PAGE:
Magnetis polus arcticus
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Proponents of magnet therapy claim that subjecting certain parts of the body to doses of magnetic "energy" (or fields) has a beneficial effect. This belief has led to the popularization of an industry involving the sale of magnetic-based products for "healing" purposes: magnetic bracelets and jewelry; magnetic straps for wrists, ankles, and the back; shoe insoles, mattresses, and magnetic blankets (blankets with magnets woven into the material); and even water that has been "magnetized".
This is the name given to an art, or the exhibition of a power to act upon others and the facility to be acted upon, which long antedate the days of Anton Mesmer. Another name for some of its phenomena is Hypnotism, and still another is Magnetism. The last title was given because sometimes the person operated on was seen to follow the hand of the operator, as if drawn like iron filings to a magnet. These are all used today by various operators, but by many different appellations it has been known; fascination is one, and psychologizing is another, but the number of them is so great it is useless to go over the list.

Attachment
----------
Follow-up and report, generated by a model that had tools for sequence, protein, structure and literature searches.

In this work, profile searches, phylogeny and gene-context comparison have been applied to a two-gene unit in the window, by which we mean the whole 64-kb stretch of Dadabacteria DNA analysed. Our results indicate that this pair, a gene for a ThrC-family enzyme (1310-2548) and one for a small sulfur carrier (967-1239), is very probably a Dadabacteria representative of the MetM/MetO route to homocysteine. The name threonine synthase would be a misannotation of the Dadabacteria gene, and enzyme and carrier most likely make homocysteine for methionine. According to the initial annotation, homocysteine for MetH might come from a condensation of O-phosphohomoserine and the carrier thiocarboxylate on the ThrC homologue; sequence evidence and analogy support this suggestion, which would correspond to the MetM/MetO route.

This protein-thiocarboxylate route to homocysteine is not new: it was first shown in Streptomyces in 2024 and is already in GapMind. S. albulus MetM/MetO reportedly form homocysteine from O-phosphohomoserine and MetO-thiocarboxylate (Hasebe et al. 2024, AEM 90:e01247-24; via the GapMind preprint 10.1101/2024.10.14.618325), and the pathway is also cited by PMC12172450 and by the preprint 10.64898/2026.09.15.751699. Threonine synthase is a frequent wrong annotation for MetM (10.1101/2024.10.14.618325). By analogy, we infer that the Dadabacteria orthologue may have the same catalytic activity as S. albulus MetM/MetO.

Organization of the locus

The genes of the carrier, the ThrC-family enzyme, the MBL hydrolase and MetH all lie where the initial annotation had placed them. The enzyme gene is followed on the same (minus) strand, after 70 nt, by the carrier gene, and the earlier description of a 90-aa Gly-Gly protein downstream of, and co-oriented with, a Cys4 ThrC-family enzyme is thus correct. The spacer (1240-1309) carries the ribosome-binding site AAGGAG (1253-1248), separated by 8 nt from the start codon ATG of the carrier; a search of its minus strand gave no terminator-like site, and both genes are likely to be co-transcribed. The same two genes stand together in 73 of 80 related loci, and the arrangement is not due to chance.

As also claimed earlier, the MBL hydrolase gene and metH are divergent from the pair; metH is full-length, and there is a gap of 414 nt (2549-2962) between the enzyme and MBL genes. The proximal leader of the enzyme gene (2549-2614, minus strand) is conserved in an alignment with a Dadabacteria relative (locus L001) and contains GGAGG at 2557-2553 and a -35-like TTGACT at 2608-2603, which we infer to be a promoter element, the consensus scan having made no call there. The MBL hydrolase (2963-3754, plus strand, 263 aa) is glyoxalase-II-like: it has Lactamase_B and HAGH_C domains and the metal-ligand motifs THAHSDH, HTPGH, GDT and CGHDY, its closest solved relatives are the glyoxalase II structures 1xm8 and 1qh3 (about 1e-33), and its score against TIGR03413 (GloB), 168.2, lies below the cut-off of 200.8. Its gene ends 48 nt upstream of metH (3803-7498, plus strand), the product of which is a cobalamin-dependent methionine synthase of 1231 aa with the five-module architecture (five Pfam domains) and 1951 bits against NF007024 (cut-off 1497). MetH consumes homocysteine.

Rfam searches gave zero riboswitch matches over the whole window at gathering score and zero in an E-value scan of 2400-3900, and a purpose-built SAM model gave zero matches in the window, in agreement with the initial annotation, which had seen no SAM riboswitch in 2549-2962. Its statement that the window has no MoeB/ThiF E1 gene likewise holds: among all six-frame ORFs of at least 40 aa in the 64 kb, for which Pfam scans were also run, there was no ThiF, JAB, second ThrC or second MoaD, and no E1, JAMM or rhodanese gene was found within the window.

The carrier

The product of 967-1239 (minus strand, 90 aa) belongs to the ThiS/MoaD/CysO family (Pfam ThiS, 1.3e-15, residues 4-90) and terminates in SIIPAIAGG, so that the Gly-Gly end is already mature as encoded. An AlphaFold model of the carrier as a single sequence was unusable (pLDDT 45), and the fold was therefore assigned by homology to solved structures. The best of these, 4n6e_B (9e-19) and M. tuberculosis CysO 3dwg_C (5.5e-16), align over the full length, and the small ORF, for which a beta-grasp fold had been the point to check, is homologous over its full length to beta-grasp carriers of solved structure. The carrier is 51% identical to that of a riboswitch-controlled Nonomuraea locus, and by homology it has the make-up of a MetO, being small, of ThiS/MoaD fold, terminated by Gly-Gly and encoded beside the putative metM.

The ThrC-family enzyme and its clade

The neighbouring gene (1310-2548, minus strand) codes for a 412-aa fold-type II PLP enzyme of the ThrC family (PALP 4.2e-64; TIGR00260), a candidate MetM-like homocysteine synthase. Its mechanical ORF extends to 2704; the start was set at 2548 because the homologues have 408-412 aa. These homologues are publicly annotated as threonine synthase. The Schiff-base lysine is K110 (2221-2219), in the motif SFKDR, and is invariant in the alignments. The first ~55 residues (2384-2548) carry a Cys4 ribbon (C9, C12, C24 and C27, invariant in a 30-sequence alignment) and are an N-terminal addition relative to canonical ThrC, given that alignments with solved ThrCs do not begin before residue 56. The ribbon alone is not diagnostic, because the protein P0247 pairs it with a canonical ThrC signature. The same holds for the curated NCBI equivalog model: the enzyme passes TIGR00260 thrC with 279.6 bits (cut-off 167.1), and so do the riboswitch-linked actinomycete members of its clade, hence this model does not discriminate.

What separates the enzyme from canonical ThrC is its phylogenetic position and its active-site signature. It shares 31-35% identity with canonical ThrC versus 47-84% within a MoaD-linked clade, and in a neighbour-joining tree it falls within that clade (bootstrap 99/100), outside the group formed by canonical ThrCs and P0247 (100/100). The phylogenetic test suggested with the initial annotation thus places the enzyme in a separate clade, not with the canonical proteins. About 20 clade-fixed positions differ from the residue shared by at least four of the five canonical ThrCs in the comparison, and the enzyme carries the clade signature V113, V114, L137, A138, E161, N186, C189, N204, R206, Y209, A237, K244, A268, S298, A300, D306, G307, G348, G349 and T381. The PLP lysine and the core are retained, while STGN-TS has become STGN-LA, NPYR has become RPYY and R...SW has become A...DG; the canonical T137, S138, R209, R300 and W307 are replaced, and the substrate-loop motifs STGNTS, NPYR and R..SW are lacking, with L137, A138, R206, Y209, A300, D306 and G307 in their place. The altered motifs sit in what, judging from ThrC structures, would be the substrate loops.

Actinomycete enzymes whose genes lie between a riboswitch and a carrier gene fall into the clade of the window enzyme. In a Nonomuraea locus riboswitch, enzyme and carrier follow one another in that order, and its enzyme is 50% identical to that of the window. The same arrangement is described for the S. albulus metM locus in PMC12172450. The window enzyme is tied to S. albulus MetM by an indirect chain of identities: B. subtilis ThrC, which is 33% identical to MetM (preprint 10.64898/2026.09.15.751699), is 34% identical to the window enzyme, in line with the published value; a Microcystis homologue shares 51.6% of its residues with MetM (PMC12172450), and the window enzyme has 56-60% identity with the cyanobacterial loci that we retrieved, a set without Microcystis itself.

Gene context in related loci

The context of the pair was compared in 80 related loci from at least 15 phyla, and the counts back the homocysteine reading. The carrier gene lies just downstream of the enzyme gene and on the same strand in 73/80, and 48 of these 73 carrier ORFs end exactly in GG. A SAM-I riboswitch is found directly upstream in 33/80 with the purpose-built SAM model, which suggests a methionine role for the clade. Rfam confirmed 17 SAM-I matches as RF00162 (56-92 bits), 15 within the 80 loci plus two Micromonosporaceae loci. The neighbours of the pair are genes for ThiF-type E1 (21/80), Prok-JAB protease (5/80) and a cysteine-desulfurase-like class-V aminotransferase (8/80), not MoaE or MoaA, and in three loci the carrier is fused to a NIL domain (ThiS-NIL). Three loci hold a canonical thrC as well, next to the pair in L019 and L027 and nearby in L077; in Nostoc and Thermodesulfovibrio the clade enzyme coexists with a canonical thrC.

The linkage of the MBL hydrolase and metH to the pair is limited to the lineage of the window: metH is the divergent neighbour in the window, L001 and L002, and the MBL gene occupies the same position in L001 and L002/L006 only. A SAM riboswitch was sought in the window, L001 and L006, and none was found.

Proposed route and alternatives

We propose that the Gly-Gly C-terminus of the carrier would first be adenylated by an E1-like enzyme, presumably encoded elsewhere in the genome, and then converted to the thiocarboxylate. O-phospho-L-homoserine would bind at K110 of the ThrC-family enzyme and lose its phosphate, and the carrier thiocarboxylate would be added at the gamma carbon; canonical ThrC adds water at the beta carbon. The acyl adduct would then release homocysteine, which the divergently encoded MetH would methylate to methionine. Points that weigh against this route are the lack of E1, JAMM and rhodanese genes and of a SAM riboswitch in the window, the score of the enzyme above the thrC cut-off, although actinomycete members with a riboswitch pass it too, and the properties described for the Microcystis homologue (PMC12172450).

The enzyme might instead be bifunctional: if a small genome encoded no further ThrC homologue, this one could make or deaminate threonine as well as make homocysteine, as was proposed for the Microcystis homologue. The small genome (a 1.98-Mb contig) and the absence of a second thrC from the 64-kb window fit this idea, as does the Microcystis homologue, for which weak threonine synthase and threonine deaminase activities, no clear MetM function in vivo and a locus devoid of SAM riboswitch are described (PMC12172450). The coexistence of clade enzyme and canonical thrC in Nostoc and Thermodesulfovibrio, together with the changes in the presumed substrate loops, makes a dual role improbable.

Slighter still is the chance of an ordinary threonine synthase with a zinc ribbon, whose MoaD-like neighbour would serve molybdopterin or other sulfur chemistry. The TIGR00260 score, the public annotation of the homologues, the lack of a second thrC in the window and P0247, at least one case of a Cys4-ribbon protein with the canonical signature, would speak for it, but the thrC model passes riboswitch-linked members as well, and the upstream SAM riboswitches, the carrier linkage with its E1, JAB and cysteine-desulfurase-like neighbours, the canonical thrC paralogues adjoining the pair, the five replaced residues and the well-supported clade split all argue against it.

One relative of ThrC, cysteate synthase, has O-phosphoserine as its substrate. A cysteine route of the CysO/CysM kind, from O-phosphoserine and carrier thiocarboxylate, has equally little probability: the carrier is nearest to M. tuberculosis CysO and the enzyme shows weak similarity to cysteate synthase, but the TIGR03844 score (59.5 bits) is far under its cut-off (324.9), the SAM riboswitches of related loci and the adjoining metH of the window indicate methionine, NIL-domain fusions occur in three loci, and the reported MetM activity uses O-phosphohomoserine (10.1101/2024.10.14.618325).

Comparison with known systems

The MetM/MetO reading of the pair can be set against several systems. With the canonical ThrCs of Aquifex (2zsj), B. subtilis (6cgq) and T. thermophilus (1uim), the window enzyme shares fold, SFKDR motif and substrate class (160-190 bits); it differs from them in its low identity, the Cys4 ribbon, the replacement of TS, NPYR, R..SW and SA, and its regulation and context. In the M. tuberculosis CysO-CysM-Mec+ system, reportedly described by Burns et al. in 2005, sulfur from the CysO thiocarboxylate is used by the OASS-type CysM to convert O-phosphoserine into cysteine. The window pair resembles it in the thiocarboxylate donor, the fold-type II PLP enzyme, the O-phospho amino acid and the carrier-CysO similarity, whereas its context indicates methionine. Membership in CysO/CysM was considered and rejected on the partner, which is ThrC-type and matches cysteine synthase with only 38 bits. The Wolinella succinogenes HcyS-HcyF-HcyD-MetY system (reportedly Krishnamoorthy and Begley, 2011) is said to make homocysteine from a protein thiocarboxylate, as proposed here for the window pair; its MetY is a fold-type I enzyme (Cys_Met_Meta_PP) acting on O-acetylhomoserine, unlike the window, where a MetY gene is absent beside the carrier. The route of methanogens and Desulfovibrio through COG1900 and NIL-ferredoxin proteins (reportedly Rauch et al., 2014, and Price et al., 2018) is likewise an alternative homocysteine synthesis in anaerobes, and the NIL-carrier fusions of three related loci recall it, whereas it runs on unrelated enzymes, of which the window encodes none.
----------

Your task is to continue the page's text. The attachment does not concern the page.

Anton Mesmer, who gave greater publicity in the Western world to the subject than any other person, and whose name is still attached to it, was born in 1734, and some few years before 1783, or about 1775, obtained great prominence in Europe in connection with his experiments and cures; but, as H. P. Blavatsky says in her Theosophical Glossary, he was only a rediscoverer.
(WILLIAM Q. JUDGE. Lucifer, May, 1892)